The U.S. Coast Guard and the Transportation Security Administration have completed a study to determine how secure ferries are from a potential terrorist attack.
Although no specific threat has been discovered against ferries in the U.S., the study was prompted by an attack on a Philippines ferry, according to Coast Guard spokesperson Jolie Shifflet.
Shifflet said that the completed study is being reviewed by several ferry operators “for their input,” but she declined to name who they were.
Media reports speculated that the Bar Harbor, Maine-to-Yarmouth, Nova Scotia ferry, The Cat, operated by Bay Ferries Ltd., Charlottetown, Prince Edward Island, was a subject of the study. But Mark MacDonald, Bay Ferries president and CEO, said that wasn’t true.
Shifflet declined to release specifics but did say that the study was focused on “high-capacity ferries carrying more than 500 passengers and vehicles.” TheCat can carry up to 900 passengers and 240 cars.
The study focused on such issues as screening passengers, vehicles and baggage for explosive devices. The study also assessed screening technologies, modeled the potential consequences of an attack, examined the socioeconomic effects of various screening strategies, and sought to measure the deterrent effect of random screening.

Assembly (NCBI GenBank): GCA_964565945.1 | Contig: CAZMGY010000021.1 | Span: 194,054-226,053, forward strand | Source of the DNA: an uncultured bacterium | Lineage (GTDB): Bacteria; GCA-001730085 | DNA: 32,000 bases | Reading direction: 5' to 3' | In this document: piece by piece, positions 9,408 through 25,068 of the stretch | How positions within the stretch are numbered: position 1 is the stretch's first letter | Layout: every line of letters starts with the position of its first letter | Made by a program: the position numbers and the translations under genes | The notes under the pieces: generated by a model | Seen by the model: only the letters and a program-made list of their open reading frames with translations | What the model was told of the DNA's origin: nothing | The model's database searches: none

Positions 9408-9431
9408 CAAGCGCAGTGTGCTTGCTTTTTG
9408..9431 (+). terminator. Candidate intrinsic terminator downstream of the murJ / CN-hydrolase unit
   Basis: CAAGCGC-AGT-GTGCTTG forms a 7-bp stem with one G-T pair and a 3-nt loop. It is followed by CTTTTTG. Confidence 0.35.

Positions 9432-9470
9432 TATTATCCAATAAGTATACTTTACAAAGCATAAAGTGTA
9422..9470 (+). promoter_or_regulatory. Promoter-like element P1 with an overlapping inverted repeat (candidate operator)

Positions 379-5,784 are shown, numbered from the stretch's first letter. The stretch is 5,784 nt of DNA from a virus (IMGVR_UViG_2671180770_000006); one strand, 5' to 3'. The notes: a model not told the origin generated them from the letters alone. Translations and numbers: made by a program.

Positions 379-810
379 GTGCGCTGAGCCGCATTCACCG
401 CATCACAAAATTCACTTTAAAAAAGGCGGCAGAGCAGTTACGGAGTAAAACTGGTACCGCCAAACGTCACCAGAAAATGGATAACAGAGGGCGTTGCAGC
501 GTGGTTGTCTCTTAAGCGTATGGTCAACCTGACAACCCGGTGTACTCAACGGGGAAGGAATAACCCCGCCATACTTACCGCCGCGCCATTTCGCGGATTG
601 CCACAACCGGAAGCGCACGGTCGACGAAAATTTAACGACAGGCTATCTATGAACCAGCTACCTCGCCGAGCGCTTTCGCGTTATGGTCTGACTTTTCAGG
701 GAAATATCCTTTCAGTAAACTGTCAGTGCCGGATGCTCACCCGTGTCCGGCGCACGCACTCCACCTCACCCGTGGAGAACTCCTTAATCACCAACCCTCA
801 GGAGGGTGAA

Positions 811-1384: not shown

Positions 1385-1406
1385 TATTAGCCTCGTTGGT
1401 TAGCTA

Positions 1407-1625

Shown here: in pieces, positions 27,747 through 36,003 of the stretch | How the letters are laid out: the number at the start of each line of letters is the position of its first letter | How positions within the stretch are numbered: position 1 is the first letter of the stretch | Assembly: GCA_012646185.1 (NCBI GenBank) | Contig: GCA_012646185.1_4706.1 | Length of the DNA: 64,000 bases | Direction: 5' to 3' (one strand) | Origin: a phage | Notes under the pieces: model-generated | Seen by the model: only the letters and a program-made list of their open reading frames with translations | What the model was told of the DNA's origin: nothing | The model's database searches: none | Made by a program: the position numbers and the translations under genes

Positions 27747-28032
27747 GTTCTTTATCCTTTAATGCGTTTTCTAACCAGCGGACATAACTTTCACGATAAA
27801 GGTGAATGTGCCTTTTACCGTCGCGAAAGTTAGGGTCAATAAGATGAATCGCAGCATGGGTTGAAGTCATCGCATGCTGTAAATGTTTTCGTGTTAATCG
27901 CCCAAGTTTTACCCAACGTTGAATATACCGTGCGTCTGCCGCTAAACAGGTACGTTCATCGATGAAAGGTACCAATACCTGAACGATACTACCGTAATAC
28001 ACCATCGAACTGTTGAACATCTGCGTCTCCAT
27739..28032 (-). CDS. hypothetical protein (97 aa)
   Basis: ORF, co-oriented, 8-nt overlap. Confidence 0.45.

“The threat to ferries is real and we must reduce their vulnerabilities,” said Capt. Frank Sturm, chief of the Coast Guard’s office of port, vessel and facility security. “It is vital that we have valid data to ensure that the actions we are taking to protect our ferries will have real impacts and this team will help us accomplish that goal.”
In a related development, The Cat has added extra runs out of Bar Harbor due to the cancellation of the 2005 season by Scotia Prince Cruises, operator of the ferry Scotia Prince, which had run between Portland, Maine, and Yarmouth.
Matthew Hudson, Scotia Prince Cruises chairman, said in an April letter to employees that they were forced to cancel the 2005 season “due to the lack of safe and appropriate facilities at our terminal in Portland.”
Last August, Scotia Prince Cruises discovered dangerous levels of toxic mold in the terminal facilities leased from the city of Portland. As of April 1, the city has not made the facilities safe for our employees or passengers, Hudson wrote. “Without safe facilities we cannot operate and the federal agencies cannot provide border formalities and security checks, so we have been forced to cancel the season.”
City officials announced in April that a $1 million renovation of the terminal was near completion.
— B. Gustafson